In the 21st century, the Confucian caveat of “standing in awe of the ordinances of Heaven” still holds true, as human society begins to pay greater attention to ecological civilization. Humans should indeed listen to the voice of nature, respecting and loving it as the world of life. This is our sacred mission and gives value to all human life.
Ren and Li are the two core concepts of Confucius’ doctrine about people.
When asked about ren, Confucius replied, “Love people”. This is Confucius’ most important interpretation of ren. Love for the people is universal love. Confucius further emphasized that this kind of love should “begin with the love for one’s parents”. He believed no one could love people in general if they did not even love their own parents. Confucius regarded “filial piety and fraternal duty” as the essence of ren.
By ren, Confucius meant universal love based on love for one’s parents. How should people love one another then? Confucius said,“One should be aware that other people may have similar desires as oneself. While fulfilling one’s desires, allow others to fulfill their desires as well.”
He further said, “ Do not do toward others anything you would not want to be done to you.” Thus from oneself to one’s family, from family to society, one should extend love to all people. So we can summarize ren as “Loving one’s parents, loving the people, loving everything in the world.”
Li refers to rituals, traditions and norms in social life. Of these, Confucius regarded burial ritual and ancestral worship ritual as the most important, because they arose from human feelings. He said, “ A child should not leave his parents’ bosom until he is three years old.”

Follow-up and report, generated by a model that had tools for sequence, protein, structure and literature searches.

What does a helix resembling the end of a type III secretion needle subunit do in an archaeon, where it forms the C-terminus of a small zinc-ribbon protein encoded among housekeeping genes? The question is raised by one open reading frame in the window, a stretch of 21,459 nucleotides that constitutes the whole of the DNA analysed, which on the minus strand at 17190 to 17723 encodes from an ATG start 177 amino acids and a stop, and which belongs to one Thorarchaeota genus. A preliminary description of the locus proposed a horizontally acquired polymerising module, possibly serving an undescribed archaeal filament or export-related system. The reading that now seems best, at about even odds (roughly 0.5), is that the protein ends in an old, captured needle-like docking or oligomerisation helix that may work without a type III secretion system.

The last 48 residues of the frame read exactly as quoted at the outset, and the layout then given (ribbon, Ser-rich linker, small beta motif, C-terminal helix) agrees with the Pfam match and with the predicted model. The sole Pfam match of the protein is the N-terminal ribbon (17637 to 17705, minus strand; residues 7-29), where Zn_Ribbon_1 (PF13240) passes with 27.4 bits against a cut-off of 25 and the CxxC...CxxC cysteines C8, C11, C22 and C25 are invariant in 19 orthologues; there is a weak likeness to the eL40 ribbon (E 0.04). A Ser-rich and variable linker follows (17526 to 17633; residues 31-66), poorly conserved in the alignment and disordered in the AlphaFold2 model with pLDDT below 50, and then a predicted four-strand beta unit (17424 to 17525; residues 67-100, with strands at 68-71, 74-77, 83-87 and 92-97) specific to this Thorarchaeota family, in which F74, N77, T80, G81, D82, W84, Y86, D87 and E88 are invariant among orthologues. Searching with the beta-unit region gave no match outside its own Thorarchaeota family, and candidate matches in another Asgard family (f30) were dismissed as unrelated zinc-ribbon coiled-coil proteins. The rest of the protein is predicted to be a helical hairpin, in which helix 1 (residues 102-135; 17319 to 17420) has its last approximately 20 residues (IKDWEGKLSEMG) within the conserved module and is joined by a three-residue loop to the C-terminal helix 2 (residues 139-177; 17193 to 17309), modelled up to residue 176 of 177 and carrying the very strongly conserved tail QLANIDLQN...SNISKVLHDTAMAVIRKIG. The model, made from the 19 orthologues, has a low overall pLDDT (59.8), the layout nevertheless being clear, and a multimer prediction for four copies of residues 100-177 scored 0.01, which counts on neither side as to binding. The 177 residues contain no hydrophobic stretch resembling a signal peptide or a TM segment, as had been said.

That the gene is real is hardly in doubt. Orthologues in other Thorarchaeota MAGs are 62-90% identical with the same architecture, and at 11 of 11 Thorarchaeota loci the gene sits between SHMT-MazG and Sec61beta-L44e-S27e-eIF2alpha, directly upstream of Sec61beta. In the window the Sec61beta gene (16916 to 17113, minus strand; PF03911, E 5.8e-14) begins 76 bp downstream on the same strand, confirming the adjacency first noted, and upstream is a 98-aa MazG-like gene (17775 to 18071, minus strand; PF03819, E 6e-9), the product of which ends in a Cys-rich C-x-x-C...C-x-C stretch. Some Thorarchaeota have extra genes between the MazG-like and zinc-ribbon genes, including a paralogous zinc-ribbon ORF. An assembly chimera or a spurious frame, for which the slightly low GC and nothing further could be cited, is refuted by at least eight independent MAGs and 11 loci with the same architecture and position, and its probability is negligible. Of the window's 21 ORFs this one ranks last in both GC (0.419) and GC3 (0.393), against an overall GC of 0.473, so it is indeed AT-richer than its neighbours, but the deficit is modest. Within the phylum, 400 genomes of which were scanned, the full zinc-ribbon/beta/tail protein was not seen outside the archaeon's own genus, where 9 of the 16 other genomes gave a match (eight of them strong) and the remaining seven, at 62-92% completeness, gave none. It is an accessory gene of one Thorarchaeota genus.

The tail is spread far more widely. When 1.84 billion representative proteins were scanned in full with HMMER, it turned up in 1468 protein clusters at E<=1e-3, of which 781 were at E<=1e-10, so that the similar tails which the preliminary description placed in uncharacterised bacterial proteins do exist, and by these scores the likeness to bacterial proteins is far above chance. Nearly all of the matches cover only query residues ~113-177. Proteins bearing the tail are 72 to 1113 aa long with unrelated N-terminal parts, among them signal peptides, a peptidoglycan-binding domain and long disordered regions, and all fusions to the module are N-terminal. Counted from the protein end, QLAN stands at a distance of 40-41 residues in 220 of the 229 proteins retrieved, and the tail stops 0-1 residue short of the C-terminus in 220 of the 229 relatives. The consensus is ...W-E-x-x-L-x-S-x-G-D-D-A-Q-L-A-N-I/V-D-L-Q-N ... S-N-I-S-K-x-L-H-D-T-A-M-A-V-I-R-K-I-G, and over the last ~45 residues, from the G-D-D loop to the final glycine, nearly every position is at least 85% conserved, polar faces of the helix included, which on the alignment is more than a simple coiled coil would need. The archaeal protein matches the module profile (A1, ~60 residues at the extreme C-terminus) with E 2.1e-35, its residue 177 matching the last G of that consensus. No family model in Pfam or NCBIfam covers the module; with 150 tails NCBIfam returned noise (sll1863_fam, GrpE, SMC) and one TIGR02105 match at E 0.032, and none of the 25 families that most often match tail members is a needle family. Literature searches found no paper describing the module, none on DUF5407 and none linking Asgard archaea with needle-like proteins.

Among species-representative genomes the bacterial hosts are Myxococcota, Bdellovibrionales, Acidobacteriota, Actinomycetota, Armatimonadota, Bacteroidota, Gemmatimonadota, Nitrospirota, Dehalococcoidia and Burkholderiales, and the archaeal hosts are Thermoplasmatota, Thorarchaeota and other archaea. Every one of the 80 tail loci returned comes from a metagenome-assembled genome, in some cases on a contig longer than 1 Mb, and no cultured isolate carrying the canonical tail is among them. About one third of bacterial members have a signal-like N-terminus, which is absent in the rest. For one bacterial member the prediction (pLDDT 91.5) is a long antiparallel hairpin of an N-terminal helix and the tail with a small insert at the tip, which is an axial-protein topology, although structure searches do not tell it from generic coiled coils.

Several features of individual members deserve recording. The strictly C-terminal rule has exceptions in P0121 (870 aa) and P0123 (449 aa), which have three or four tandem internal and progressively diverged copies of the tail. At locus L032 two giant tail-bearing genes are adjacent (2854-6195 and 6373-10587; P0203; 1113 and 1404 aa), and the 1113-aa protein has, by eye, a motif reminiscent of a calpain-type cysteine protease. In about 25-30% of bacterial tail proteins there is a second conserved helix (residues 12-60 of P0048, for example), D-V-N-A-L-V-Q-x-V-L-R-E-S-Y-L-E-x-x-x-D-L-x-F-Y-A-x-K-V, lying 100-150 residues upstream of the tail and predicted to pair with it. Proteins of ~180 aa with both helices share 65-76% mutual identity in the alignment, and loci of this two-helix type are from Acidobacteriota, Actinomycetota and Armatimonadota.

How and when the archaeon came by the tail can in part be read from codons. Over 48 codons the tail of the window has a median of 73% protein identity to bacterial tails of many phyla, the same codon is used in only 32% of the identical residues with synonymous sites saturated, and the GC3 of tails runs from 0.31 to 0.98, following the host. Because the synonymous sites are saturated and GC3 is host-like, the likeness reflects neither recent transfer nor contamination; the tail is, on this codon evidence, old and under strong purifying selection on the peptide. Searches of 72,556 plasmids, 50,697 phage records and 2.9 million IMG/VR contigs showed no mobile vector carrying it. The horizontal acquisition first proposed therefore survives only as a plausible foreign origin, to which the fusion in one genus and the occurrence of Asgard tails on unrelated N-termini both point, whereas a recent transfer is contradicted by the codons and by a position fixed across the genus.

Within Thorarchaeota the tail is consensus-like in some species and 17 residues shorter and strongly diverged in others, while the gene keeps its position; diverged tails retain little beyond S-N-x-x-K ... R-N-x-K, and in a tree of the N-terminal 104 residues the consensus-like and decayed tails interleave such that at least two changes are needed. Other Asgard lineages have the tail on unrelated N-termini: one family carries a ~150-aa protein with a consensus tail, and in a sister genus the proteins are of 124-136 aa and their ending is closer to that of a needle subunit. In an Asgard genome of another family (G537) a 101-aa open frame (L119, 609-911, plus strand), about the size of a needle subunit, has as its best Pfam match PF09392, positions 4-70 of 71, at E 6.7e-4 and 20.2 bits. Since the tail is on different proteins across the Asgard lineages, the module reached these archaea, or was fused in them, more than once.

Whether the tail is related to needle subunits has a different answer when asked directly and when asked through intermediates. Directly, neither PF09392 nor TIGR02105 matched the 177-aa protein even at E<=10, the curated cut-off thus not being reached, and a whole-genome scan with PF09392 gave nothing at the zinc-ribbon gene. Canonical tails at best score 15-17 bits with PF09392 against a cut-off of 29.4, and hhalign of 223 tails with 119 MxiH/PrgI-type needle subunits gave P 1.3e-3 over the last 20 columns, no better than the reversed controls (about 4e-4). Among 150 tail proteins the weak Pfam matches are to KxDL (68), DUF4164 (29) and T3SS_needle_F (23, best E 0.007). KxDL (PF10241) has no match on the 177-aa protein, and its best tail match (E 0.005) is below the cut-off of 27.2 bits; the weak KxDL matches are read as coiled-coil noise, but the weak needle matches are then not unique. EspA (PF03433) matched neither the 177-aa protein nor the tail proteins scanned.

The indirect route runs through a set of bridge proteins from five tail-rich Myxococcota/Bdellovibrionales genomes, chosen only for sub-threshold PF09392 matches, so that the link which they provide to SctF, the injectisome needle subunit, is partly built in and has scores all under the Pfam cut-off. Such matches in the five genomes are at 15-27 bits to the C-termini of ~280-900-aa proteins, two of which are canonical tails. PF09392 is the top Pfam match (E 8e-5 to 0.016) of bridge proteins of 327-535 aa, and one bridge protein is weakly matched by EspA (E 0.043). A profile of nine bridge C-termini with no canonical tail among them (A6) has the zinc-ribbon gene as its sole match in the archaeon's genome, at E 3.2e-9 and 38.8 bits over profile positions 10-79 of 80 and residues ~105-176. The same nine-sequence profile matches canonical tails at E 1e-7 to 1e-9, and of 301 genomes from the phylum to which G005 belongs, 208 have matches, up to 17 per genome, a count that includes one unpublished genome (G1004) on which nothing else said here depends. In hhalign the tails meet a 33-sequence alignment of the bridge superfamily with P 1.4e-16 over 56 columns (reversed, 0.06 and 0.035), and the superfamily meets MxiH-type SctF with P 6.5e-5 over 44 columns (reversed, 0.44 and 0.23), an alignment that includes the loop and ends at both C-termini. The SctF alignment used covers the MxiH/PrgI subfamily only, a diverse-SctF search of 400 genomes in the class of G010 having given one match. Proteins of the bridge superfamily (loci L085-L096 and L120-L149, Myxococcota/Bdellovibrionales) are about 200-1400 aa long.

Confucius placed emphasis on Li with the aim of preserving social order, stability and harmony. The Analects (Lunyu) says, “ The role of li is to maintain harmony among people.”
Li also has philosophical implications. While individuals have a limited lifespan, life in nature is everlasting. Life is given by one’s parents and extended through one’s children. In this way, a limited, individual life becomes merged with the limitless life of nature; the individual dream of eternal life can be thus come true.
Before Confucius, only the nobility had the right to education. He was the first figure in Chinese history to initiate private education. According to historical records, Confucius taught for many years and trained 3,000 disciples. A total of 72 of them excelled in the “six arts”, i.e., ritual, music, archery, (carriage) driving, calligraphy, and mathematics. A great educator has been admired by later generations as the “sage of sages”.
Confucius believed the basic goal of education was to cultivate “person of virtue”, who should have sound character and uplifted minds. Such persons should be able to shoulder important social responsibilities and to make contributions to society. Confucius regarded lofty ideals, great virtue, love of people, and the “six arts” as the general principles of education. Of these, virtue was the most important. His students were involved in a variety of professions, including politics, trade, education, diplomacy, ritual ceremony, and classifying ancient books. Whatever they did, they all wanted to improve their learning of the humanities and to enhance their virtue.
Under the influence of Confucius, Chinese thinkers of later generations all believed that students and scholars should not only increase their knowledge, but also and more importantly, broaden their minds and enhance their spiritual ethos. In other words, they should continually seek the greater meaning and value of life. Many modern scholars think the theory on the perspective on life is the most valuable feature of Chinese philosophy. It all began with Confucius